If the question's current form is appropriate for the stack, and the highly-upvoted answers still answer it adequately, I'm not sure what is gained by asking that the entire endeavor be repeated. It feels to me like demanding that a duplicate question be posted, in service of preserving a question in a form that will necessarily be closed immediately.


I understand that closing questions has specific benefits to the stack in various situations, but I think that now (and in the recent past) we have experienced a shift towards more aggressive closures, sometimes on... shaky ground. We should not be looking for reasons to close questions, but rather looking for improvements which may be achieved through appropriate means, including closures. I appreciate all of the work that community members do in curating the site, but I have been increasingly feeling an overall vibe that seems, to me, to lean towards the former.

I'm interested in other users' opinions on whether or not reposting the current question (the one in a stack-allowable format) would be likely to draw different answers than it currently has, or, alternatively, if they feel the current answers have been invalidated by the edits. If so, I could probably be persuaded that this course of action is worthwhile. But otherwise this feels to me like demanding that a question say "half-dozen" instead of "six".

So in summary, my answer suggests a counter-question: What will be improved by doing this, beyond alleviating a technical-but-inconsequential policy violation?

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  • \$\begingroup\$ That feeling regarding "more aggressive closure" doesn't seem to reflect our stats, unless you mean that the way we close questions is more aggressive. 2020: a year in moderation \$\endgroup\$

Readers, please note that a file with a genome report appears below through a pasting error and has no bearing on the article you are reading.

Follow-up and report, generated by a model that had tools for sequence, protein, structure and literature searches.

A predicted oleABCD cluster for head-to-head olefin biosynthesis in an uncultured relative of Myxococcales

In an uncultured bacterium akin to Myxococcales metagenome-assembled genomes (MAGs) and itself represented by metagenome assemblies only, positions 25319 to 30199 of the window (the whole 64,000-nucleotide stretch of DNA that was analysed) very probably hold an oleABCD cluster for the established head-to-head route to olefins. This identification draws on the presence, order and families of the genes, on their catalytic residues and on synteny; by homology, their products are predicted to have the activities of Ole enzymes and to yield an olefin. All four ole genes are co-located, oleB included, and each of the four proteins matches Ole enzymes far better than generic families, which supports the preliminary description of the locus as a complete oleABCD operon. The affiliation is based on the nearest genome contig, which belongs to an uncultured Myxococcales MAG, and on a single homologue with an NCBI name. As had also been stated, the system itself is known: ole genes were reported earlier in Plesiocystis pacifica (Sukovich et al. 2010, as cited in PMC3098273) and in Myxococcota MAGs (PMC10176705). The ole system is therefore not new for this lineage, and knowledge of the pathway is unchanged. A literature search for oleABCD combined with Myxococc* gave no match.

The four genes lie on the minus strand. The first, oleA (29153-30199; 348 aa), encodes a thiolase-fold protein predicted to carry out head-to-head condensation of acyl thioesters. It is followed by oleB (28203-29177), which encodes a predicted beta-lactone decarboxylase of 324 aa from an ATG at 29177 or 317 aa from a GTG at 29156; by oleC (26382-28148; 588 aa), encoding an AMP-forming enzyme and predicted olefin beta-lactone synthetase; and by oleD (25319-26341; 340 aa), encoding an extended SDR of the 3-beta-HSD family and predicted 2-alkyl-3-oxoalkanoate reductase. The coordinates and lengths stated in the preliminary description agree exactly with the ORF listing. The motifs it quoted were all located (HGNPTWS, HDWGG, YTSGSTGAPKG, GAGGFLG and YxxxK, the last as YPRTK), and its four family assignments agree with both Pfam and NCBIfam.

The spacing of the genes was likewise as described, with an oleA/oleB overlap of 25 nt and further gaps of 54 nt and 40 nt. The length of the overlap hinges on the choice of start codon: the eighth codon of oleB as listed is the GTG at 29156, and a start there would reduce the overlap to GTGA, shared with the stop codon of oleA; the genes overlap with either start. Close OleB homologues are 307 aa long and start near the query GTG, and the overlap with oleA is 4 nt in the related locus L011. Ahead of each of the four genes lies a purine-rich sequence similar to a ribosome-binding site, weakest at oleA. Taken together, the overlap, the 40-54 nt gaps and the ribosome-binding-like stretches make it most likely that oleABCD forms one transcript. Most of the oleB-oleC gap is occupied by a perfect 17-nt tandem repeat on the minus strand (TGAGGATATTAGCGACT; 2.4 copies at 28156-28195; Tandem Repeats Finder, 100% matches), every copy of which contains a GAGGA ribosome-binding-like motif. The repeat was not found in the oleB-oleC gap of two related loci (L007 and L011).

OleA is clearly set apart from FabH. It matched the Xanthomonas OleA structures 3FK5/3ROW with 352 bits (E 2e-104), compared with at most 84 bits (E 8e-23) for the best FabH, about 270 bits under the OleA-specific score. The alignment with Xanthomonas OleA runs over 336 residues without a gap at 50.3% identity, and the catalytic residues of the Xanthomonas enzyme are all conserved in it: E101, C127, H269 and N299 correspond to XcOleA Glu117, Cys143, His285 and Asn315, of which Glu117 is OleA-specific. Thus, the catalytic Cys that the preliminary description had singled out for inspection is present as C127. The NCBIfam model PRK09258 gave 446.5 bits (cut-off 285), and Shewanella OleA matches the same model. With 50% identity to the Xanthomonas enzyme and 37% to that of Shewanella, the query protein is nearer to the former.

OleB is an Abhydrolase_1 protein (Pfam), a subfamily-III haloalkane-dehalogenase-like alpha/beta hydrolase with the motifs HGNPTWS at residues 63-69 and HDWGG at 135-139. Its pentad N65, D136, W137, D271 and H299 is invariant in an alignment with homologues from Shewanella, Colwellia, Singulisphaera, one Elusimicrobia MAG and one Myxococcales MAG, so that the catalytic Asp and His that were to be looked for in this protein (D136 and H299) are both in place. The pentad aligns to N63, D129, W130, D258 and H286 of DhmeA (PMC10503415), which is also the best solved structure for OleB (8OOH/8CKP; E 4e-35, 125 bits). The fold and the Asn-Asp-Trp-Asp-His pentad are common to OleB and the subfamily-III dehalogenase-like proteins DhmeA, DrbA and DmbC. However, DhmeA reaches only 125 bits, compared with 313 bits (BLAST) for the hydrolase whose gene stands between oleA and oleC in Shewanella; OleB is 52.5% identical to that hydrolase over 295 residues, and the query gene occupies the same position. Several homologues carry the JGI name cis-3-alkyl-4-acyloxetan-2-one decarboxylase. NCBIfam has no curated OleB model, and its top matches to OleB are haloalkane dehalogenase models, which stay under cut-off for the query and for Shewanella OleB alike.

– Akixkisu
    Jan 22 at 18:26
  • \$\begingroup\$ Desinger reasons being shammered is IIRC within the last three years ... or about three years ago. Doppel will know and mxy had this to say. \$\endgroup\$ Jan 22 at 18:35
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    \$\begingroup\$ @Akixkisu It's the method of closure that I've noticed more than the pace or scale. There are reasons to close questions, and quickly, when warranted. But I see (probably) well-intentioned users asking questions and getting piled on with downvotes, notifications of technical rule violations, and near-instant closures. I think that users, especially new ones, frequently get a lot more negative-feeling responses than encouraging experiences here. Even if that's unavoidable, to some extent, we can try to make sure it's in service of something valuable when it does happen. \$\endgroup\$
    – Upper_Case
    Jan 22 at 18:40
  • \$\begingroup\$ Reposting the question seems unnecessary. \$\endgroup\$ Jan 22 at 19:06
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I debate that this is an entirely different question than was asked previously.

Any designer reasons that may have been cited for "why cap at +3" are valid responses for "what would change if the number was higher", assuming the designer reason was an intent to further some game design and not "just because".

Any response for "what would change if the number was higher" other than "IDK friend, go for it" is going to, implicitly or explicitly, outline the consequences of it being currently capped at +3.

It just seems like the question was written to find out what happens when the number goes up but remove the idea of designer intent. I guess that's a little daylight between them, but if somebody has solid practical experience in what happens when number goes up, that's probably going to be useful to the original question, unless it was just asking after designer intent for funsies.